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"Glen Huntly" MemorialPrint Page Print this page

"Glen Huntly" Memorial : 16-June-2013
"Glen Huntly" Memorial : 16-June-2013

Photographs supplied by Graeme Saunders

The memorial at the gravesite commemorates the victims of the Glen Huntly disaster in 1840. The grave was restored by descendants and a plaque was unveiled in 1991 to commemorate the 150th anniversary of the arrival by the barque in Melbourne.

On December 13th 1839 the emigrant ship ` Glen Huntly` left Greenock, Scotland and arrived at Hobsons` Bay on 17th April 1840.

The ship was specially built to take advantage of these profitable immigration schemes and was on its maiden voyage. Merchants made fortunes chartering vessels that crammed as many people on board with insufficient food and scant attention to comfort.

An examination by the settlement`s doctor, Barry Cotter, discovered that many of the Glen Huntly immigrants including children were emaciated from their long and arduous voyage. Many of the passengers suffering from fever were landed at the Red Bluff, St Kilda on 24 April 1840. That being the first Quarantine Station in Victoria.

A few days later John Craig, James Mathers, and George Armstrong succumbed to the disease and were interred at the Bluff. Owing to the encroachment of the sea their remains were exhumed and removed to the St Kilda Cemetery on 27th August 1898 by the Board of Public Health. Of the original 157 emigrants who had boarded the barque in Argyleshire, ten had already died at sea.

Location

Address:Dandenong Road (Cnr Hotham Street), St Kilda Cemetery, Other Denominations Compartment B Grave 149B, St Kilda East, 3183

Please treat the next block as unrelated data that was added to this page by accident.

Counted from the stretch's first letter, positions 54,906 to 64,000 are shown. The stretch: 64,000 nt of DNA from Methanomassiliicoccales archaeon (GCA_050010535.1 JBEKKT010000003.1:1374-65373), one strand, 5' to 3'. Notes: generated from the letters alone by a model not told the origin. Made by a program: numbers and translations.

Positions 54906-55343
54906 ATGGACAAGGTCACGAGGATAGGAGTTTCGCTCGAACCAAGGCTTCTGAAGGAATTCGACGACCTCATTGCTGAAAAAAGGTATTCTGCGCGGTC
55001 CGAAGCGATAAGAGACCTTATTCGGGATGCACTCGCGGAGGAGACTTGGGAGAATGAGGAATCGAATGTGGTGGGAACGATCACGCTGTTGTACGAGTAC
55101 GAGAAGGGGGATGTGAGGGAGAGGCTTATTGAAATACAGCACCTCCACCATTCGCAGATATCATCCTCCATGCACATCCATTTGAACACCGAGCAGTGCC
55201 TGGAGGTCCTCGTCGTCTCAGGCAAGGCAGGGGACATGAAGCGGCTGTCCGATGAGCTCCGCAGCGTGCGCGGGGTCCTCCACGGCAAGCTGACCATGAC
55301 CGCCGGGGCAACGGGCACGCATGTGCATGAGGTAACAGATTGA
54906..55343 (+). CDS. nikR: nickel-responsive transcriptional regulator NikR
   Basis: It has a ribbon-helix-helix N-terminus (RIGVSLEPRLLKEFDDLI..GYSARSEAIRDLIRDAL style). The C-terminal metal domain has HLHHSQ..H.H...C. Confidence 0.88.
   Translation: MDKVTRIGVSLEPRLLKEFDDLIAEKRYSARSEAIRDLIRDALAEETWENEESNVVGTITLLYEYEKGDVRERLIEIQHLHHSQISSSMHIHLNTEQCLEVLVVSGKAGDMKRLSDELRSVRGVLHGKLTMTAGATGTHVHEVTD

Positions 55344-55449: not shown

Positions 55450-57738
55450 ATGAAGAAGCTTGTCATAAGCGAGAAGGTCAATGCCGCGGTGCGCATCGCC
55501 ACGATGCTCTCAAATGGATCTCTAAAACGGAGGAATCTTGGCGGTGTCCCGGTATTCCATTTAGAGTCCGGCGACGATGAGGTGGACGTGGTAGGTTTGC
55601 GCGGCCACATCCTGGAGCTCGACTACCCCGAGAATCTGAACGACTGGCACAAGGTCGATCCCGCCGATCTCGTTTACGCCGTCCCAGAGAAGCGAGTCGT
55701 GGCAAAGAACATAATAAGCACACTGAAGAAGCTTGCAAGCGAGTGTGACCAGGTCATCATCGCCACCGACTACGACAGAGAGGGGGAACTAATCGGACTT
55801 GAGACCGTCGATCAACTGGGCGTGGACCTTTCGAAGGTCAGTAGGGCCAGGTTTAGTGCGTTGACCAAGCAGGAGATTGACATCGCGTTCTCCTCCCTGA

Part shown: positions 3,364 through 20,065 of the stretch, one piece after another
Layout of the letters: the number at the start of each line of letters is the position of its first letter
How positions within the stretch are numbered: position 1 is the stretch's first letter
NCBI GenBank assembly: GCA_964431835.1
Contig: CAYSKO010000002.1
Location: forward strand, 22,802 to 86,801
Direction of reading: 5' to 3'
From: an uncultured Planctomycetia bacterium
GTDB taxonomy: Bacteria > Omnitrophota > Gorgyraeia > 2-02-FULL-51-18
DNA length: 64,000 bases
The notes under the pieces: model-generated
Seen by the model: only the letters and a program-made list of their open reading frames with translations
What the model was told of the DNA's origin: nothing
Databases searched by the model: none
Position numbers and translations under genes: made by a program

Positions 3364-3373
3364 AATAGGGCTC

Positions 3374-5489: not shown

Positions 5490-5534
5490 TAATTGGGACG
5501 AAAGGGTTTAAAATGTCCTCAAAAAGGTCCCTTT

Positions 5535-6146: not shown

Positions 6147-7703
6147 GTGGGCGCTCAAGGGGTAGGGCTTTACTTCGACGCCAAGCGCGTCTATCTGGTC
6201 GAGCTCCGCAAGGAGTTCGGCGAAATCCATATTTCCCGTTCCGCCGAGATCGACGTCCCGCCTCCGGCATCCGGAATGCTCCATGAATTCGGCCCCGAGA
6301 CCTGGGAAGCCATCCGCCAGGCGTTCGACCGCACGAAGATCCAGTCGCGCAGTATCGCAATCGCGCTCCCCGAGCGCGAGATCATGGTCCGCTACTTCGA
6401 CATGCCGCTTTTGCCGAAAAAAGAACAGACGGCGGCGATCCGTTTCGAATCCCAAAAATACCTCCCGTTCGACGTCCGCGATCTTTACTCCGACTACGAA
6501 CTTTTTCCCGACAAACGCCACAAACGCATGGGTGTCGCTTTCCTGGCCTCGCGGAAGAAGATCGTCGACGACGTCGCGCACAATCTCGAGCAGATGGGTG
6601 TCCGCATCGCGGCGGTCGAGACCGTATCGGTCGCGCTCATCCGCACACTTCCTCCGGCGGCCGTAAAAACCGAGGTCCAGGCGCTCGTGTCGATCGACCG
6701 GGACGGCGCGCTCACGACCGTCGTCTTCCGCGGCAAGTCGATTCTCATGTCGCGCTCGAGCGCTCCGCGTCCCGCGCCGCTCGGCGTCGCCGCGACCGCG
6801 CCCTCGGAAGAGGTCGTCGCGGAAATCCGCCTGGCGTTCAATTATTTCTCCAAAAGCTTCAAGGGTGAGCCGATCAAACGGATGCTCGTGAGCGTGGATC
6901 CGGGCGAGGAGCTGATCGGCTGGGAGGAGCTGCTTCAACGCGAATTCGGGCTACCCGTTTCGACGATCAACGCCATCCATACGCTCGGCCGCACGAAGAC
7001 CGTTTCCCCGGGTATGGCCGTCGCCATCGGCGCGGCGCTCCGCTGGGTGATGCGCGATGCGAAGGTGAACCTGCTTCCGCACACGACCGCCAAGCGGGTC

State:VIC
Area:AUS
GPS Coordinates:Lat: -37.862233
Long: 145.001261
Note: GPS Coordinates are approximate.
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Details

Monument Type:Monument
Monument Theme:Disaster
Sub-Theme:Pandemic
Monument Designer:Mr R Adamson, C E

Dedication

Actual Monument Dedication Date:Sunday 16th April, 1899
Front Inscription

On December 13th 1839, the emigrant ship "Glen Huntly" left Greenock, Scotland and arrived in Hobson`s Bay on 17th April 1840.  Many of the passengers suffering from fever were landed at the Red Bluff St Kilda on 24th April 1849.  That being the first quarantine station in Victoria.

A few days later JOHN CRAIG  JAMES MATHERS  GEORGE ARMSTRONG succumbed to the disease and were interred at The Bluff.  Owing to the encroachment of the sea their remains were exhumed and removed to the St Kilda Cemetery on 27th August 1898 by the Board of Public Health.

This memorial was erected by public subscription, to mark a notable event in the early history of the colony.

Plaque :

This memorial grave was restored by descendants of John Craig and of other "Glen Huntly" passengers.  In April 1990 they commemorated the 150th anniversary of the arrival of the barque in Melbourne in 1840.
25th August 1991

Glen Huntly Pioneers Memorial

Source: MA
Monument details supplied by Monument Australia - www.monumentaustralia.org.au
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